2014 (English)In: Proceedings of CVPR 2014, 2014Conference paper (Refereed)
Abstract [en]

Recent results indicate that the generic descriptors extracted from the convolutional neural networks are very powerful. This paper adds to the mounting evidence that this is indeed the case. We report on a series of experiments conducted for different recognition tasks using the publicly available code and model of the OverFeat network which was trained to perform object classification on ILSVRC13. We use features extracted from the OverFeat network as a generic image representation to tackle the diverse range of recognition tasks of object image classification, scene recognition, fine grained recognition, attribute detection and image retrieval applied to a diverse set of datasets. We selected these tasks and datasets as they gradually move further away from the original task and data the OverFeat network was trained to solve. Astonishingly, we report consistent superior results compared to the highly tuned state-of-the-art systems in all the visual classification tasks on various datasets. For instance retrieval it consistently outperforms low memory footprint methods except for sculptures dataset. The results are achieved using a linear SVM classifier (or L2 distance in case of retrieval) applied to a feature representation of size 4096 extracted from a layer in the net. The representations are further modified using simple augmentation techniques e.g. jittering. The results strongly suggest that features obtained from deep learning with convolutional nets should be the primary candidate in most visual recognition tasks.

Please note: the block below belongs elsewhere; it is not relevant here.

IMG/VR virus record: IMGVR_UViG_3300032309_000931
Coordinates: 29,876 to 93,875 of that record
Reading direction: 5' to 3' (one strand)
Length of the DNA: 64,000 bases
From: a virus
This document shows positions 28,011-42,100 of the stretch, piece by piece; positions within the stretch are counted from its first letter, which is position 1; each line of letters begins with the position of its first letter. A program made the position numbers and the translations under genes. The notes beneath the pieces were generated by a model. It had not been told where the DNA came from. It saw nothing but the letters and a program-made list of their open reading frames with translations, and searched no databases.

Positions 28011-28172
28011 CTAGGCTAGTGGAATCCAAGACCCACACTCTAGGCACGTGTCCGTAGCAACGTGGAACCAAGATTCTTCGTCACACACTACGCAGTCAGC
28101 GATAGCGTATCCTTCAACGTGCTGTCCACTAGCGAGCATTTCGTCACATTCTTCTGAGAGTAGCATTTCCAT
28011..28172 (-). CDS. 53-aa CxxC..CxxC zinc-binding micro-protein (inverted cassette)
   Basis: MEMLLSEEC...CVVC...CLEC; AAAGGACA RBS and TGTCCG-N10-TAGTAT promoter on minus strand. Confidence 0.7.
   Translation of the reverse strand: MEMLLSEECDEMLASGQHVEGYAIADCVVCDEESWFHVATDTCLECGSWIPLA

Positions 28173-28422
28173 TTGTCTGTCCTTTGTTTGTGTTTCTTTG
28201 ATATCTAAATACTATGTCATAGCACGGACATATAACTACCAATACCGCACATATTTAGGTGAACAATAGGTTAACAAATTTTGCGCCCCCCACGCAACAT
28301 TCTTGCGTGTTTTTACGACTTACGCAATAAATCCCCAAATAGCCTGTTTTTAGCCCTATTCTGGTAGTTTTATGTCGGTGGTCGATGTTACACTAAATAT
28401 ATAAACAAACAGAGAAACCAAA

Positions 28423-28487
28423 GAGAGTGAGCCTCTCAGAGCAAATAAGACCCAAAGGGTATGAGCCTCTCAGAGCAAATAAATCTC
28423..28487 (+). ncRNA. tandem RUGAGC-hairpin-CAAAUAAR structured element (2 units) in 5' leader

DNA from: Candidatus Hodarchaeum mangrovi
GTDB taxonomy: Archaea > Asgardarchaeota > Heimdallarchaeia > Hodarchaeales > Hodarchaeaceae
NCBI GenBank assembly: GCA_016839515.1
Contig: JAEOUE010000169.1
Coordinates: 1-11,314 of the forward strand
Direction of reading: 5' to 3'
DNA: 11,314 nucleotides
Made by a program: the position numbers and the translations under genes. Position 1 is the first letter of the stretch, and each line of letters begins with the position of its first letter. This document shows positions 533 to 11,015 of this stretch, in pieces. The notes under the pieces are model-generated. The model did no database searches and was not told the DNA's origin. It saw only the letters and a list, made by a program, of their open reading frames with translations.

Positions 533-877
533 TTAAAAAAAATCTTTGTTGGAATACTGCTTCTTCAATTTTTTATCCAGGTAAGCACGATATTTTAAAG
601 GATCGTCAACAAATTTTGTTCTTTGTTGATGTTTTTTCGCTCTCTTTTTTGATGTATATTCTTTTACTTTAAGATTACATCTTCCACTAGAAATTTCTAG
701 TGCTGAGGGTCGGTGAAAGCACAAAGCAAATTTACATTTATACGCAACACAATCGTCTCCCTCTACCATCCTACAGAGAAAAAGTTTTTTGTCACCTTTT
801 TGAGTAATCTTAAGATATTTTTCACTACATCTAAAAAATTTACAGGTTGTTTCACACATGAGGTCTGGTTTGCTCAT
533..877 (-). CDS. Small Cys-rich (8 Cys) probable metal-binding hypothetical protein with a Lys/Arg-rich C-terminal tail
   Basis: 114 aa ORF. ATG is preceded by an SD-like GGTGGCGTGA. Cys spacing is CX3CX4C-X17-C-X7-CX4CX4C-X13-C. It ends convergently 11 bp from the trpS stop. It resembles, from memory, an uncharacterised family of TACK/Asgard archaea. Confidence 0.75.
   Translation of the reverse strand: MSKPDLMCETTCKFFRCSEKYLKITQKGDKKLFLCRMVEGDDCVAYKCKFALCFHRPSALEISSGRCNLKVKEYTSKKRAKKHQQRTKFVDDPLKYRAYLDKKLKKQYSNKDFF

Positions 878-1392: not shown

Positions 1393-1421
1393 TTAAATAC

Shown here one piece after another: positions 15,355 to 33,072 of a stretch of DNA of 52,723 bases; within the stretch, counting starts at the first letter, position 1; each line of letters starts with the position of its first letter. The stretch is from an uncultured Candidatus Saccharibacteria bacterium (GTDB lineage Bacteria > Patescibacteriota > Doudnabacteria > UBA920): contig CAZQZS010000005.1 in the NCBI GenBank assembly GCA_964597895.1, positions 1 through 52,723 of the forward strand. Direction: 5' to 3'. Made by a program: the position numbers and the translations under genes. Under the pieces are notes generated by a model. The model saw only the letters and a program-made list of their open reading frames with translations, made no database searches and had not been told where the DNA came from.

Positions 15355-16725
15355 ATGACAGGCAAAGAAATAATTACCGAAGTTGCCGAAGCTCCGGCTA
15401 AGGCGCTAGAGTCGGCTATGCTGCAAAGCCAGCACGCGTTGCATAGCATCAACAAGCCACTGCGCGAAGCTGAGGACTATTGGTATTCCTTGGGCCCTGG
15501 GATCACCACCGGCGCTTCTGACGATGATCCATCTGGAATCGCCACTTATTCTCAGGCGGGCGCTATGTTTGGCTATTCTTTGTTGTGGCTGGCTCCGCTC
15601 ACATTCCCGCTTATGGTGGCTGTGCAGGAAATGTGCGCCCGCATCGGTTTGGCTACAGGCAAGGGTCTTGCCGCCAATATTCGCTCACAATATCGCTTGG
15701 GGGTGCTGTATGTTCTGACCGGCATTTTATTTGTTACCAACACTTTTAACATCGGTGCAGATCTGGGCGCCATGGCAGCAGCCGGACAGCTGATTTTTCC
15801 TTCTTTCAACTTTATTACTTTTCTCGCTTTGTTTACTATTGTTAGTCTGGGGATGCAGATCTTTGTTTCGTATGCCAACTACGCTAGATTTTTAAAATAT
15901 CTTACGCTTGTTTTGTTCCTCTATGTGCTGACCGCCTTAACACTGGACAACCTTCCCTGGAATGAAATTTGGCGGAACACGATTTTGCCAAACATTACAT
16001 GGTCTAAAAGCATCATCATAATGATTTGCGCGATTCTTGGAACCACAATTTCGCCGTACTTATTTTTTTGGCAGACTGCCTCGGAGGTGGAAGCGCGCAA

National Category
Computer Science
Identifiers
urn:nbn:se:kth:diva-149178 (URN)10.1109/CVPRW.2014.131 (DOI)000349552300079 ()2-s2.0-84908537903 (ScopusID)
Conference
Computer Vision and Pattern Recognition (CVPR) 2014, DeepVision workshop,June 28, 2014, Columbus, Ohio